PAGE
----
Bach is coming home!

Wed 29.4.15

Mayor Burkhard Jung, Judith Scheide, Prof. Dr. Peter Wollny, Prof. Dr. Dr. h.c. mult. Christoph Wolff (FLTR) at the portrait's farewell reception in Princeton / New Jersey (© Bach Archive, Deborah Gichan)The American musicologist and philanthropist Dr. William H. Scheide died on November 14, 2014, in his 101st year. Besides Princeton University, to which William H. Scheide left his collection of books and manuscripts, on January 6, 2014, his 100th birthday, he designated Leipzig Bach Archive as the beneficiary of one of the greatest treasures of his collection. Thanks to William H. Scheide, the famous Bach portrait of 1748 by the Leipzig painter Elias Gottlob Haussmann, valued at US$2.5 million, will be returning to Leipzig after 265 years. The portrait, which probably everyone has already seen once in their life, is an icon of music history and, to judge by the sources, is the only true portrayal of the composer. All the portraits of Bach known today stem from this one painting.

The portrait shows Johann Sebastian Bach in a formal pose aged around 60. In his right hand, he holds a sheet bearing the Canon triplex à 6 Voc: per J. S. Bach as proof of the sophistication of his craftsmanship. Haussmann painted two versions of the portrait. The second original, painted in 1748, is in a much better state of conservation. This is a captivating portrait, not only because of its glowing colours and sharp outlines, but also because of its moving history. The 1748 portrait was part of Carl Philipp Emanuel Bach’s share of the inheritance and was once displayed as part of the voluminous collection of portraits belonging to Bach’s second-eldest son in Hamburg. The catalogue of the estate of the »Hamburg Bach« from 1790 describes it as follows: »Bach (Johann Sebastian) Kapellmeister and Music-director in Leipzig. Painted in oils by Hausmann. 2 feet, 8 inches high, 2 feet, 2 inches wide. In a golden frame«.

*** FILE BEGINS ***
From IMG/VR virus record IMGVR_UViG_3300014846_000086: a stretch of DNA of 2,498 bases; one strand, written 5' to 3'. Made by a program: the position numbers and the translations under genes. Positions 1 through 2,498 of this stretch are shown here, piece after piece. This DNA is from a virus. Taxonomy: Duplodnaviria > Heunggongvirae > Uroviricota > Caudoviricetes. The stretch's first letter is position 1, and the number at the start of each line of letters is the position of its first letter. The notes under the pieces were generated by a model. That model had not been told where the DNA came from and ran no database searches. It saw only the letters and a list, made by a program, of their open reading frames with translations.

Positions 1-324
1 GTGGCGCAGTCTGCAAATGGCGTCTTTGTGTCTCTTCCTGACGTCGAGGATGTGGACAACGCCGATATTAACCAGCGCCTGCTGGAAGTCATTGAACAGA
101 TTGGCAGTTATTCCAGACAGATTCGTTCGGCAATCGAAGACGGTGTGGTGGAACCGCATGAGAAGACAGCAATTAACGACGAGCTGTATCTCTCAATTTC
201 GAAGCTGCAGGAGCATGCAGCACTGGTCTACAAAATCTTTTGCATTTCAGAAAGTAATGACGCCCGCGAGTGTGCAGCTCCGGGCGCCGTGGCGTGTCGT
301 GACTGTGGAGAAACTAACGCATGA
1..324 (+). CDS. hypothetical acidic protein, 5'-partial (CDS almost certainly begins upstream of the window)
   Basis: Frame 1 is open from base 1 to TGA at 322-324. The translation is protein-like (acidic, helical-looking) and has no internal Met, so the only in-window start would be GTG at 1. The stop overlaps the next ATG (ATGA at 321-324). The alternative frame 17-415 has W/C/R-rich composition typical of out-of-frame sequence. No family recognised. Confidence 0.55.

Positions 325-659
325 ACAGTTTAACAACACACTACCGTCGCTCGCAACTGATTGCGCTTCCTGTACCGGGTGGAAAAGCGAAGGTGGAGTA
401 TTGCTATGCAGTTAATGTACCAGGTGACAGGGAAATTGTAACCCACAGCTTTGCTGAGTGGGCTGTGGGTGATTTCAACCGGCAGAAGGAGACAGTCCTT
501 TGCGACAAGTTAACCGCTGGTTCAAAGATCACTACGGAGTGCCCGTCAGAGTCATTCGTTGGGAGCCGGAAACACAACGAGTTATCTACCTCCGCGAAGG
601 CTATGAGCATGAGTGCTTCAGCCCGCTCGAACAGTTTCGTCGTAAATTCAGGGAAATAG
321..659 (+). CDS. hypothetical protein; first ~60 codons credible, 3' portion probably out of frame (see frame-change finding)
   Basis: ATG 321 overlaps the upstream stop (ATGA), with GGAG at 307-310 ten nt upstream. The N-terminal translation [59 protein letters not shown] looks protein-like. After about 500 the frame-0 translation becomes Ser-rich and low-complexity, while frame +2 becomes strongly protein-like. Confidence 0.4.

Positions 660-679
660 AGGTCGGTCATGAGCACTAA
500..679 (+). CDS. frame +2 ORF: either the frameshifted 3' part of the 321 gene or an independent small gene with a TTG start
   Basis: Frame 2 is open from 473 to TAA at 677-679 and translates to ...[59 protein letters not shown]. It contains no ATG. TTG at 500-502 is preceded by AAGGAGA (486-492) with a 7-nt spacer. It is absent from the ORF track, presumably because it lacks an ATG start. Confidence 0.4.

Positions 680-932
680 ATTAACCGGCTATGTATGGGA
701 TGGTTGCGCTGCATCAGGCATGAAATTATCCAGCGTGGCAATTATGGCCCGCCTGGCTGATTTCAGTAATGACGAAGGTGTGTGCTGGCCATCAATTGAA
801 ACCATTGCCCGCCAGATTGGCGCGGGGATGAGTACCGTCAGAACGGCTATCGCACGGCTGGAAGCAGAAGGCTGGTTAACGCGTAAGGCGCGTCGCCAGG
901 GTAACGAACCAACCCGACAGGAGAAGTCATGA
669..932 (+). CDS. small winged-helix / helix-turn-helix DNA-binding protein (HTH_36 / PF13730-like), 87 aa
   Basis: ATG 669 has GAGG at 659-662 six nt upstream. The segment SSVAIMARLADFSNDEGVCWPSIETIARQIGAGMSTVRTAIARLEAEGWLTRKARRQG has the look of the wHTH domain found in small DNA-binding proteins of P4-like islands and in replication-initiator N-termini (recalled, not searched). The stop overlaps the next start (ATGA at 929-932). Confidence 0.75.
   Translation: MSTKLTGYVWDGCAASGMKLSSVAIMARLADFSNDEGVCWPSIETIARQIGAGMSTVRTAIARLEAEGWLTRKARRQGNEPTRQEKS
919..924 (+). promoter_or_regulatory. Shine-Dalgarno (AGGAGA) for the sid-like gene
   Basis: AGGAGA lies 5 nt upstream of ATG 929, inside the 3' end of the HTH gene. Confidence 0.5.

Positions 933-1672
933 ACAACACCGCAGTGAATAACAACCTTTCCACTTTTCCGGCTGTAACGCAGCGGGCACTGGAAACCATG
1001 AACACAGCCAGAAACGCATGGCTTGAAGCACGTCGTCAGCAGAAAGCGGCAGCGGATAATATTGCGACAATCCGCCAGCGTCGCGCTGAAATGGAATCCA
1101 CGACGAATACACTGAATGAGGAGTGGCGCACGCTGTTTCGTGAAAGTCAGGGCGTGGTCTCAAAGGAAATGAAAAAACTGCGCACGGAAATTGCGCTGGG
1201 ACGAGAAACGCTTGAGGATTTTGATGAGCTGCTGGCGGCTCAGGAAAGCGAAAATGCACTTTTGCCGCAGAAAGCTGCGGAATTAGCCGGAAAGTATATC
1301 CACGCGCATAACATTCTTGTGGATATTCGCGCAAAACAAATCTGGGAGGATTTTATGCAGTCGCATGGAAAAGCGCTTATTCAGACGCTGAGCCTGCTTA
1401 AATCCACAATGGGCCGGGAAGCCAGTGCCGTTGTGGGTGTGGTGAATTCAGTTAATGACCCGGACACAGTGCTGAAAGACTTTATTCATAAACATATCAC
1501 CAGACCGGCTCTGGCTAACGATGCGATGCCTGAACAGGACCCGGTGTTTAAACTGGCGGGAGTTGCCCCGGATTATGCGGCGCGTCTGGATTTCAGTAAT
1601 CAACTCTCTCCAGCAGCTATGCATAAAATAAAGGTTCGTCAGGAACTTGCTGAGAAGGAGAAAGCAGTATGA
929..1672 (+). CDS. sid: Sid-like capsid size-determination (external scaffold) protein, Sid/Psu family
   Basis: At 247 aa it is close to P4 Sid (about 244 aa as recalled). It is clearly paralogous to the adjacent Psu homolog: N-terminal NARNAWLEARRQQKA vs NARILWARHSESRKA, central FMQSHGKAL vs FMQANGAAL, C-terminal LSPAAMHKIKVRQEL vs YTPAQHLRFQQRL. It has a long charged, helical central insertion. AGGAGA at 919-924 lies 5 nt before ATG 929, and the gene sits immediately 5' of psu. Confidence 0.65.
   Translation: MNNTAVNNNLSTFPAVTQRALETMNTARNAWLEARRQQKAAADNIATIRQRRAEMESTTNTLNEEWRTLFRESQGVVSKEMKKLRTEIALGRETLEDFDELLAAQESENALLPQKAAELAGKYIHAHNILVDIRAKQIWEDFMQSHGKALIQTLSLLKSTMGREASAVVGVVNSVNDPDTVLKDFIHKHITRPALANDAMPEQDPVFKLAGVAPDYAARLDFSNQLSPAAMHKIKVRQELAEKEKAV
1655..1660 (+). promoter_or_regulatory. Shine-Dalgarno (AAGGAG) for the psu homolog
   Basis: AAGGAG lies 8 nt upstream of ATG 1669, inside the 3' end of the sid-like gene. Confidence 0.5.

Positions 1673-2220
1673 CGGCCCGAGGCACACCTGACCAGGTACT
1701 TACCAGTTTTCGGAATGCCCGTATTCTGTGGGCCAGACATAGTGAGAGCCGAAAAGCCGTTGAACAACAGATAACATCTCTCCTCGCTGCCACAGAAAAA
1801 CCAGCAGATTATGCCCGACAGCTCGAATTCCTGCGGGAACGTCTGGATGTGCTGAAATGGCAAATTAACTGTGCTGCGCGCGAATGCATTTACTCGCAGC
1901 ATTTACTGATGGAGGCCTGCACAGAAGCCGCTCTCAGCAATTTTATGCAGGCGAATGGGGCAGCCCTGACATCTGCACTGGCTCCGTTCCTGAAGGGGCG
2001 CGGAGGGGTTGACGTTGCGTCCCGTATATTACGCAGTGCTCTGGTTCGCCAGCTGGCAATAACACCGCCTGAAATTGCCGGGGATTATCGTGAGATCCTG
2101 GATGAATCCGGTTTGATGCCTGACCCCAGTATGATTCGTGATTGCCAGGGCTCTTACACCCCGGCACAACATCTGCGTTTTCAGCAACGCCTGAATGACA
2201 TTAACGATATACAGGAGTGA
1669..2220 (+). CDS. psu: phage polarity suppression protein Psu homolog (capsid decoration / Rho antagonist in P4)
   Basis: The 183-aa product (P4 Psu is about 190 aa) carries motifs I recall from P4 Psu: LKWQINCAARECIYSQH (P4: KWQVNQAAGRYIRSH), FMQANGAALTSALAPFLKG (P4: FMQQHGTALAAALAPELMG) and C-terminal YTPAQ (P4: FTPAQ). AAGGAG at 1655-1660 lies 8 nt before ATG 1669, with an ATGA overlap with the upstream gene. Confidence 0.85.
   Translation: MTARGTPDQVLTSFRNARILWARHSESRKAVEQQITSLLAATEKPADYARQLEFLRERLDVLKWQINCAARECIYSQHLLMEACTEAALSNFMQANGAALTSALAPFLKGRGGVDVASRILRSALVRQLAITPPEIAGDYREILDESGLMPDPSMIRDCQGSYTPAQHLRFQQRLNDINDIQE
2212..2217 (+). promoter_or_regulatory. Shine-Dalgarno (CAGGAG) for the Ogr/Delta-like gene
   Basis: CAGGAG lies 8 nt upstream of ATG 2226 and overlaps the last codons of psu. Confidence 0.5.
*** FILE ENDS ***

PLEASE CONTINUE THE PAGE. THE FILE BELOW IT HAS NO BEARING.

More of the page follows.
From the early nineteenth century, the painting was owned by the Jewish Jenke family from Breslau (now Wroclaw). Walter Jenke, a descendant of the erstwhile purchasers, was forced to emigrate from Germany in the 1930s. To protect the painting from air raids, Jenke kept the portrait at the country home of his friends, the Gardiners, in Dorset. As a result, Sir John Eliot Gardiner, today President of Bach Archive and one of the most renowned conductors of our time, grew up under Bach’s gaze.

In 1952, the Bach researcher and collector William H. Scheide from Princeton/New Jersey bought the painting in an auction. Scheide, who in the Bach anniversary year of 1985 had already expressed his wish to see »his Bach« return home one day, granted the Leipzig Bach Archive the exclusive right of first refusal when he visited the Leipzig Bach Festival in 2003. Together with his wife Judith, he finally bequeathed the painting to the Bach Archive. Bill Scheide died on November 14, 2014. As a member of the Board of Trustees of Leipzig Bach Archive Foundation since 2001, he had been one of the Archive’s most generous and loyal sponsors.

An article about the importance of Haussmann's portrait can be found in the current edition of our Bach Magazine.

Bach's send-off from Princeton was first reported by the New York Times: Read on here.


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